And here we are, Spring of 2022. A Spring that most people including me, saw as an ending to another sad Pirates draft history story as the likely outcome.

But wait, um, the kid looks a bit different.

Cole has finally added some bulk, specifically to his legs and more importantly, he’s using his lanky build to add power to his swing. He’s never going to be a guy who hits 30 homeruns, but he’s got speed and gap power if he’s swinging like this. He just looks different and Andy Haines seams to agree with him as the new hitting coach.

Tucker used to do what many observers called “the rock” in the batters box. A bad habit that robs a hitter of the ability to stay grounded and get leg muscles into the swing. Seeing that disappear this Spring has been wonderful, for a couple big reasons.

First, Cole is legitimately a great kid, exactly the type of player you’d want in your clubhouse. Second, it shows that the Pirates are truly working hard to develop ALL the talent they have, not just the prospects Ben Cherington brought in.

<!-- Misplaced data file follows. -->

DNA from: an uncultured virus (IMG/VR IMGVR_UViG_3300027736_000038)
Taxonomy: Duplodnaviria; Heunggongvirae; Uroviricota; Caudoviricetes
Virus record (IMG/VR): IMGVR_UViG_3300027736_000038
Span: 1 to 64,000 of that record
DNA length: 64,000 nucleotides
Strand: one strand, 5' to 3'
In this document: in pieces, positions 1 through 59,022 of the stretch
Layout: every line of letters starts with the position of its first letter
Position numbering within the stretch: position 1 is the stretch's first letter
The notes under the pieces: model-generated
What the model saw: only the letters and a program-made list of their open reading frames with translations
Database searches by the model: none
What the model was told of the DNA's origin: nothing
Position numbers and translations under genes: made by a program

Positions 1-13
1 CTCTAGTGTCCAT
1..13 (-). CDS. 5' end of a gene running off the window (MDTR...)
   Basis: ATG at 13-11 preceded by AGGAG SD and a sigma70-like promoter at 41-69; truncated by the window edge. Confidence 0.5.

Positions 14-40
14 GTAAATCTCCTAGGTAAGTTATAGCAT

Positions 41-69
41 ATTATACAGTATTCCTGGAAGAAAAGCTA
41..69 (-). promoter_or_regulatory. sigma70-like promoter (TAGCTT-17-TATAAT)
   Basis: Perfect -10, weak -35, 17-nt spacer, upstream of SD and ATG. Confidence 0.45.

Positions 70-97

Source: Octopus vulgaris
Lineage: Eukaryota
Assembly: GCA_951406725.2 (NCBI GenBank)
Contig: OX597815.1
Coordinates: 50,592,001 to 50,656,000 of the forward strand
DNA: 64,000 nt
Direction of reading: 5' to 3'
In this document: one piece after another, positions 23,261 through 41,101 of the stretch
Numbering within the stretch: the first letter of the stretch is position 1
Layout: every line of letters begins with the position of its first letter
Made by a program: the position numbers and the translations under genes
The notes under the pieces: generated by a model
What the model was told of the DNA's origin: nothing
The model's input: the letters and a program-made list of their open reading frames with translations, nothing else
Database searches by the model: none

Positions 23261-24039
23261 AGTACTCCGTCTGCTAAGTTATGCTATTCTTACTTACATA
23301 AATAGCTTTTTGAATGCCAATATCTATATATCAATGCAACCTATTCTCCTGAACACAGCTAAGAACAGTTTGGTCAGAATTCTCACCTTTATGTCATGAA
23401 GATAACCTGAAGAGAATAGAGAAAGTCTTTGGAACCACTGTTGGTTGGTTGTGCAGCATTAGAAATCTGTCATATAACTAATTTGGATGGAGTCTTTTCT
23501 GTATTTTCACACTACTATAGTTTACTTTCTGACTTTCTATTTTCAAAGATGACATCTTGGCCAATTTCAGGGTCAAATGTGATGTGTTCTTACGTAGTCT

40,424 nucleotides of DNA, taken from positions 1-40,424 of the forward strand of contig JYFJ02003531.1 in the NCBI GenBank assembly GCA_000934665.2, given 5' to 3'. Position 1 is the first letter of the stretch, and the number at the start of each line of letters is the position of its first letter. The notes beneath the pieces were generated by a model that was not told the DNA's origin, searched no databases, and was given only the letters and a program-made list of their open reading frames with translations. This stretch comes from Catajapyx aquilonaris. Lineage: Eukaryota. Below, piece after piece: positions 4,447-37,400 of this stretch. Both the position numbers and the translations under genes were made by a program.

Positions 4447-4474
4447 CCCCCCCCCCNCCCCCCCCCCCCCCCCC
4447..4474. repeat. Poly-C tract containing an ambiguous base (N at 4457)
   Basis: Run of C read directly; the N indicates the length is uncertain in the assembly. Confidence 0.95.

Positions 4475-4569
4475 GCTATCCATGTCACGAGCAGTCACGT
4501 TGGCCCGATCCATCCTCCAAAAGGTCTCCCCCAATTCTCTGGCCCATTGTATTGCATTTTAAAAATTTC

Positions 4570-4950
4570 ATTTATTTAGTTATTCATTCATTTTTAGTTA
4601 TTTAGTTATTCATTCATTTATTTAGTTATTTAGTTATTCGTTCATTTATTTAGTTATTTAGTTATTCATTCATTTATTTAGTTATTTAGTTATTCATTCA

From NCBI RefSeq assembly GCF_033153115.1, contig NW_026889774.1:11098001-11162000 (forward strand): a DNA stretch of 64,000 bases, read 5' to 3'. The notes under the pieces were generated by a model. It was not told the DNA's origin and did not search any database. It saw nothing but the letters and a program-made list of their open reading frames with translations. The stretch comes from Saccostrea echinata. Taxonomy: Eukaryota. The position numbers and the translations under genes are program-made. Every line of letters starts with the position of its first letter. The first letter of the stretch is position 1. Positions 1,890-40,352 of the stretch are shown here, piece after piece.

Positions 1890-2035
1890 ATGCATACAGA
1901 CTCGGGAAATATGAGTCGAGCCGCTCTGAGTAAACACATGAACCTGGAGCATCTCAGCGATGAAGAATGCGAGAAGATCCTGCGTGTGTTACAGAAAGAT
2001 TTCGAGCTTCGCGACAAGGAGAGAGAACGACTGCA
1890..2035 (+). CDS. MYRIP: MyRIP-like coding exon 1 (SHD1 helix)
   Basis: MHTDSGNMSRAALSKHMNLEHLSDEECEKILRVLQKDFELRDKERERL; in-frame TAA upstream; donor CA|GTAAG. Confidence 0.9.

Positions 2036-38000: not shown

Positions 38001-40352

Look, nobody is blind here. Tucker at almost 26 years old and with serious talent coming quick hasn’t proven anything yet, but he’s also a guy who doesn’t even reach arbitration until 2024, so if he’s real, if he’s really figured it out, he benefits this team one way or another.

Good for Cole, and honestly good for this development team if it holds true.

Spring is Spring. We just watched Kevin Newman hit .600 last year and bomb the entire season. None of what we’ve seen from Tucker means he’s finally going to look like a first round pick, but it’s fair to say he’s earned another shot, one I sincerely doubted he’d get.

Again, my table setting is there Mr. Tucker, make me eat crow, I won’t even ask for salt.

Published by Gary Morgan

Former contributor for Inside the Pirates an SI Team Channel

3 thoughts on “Can Cole Tucker Finally Emerge?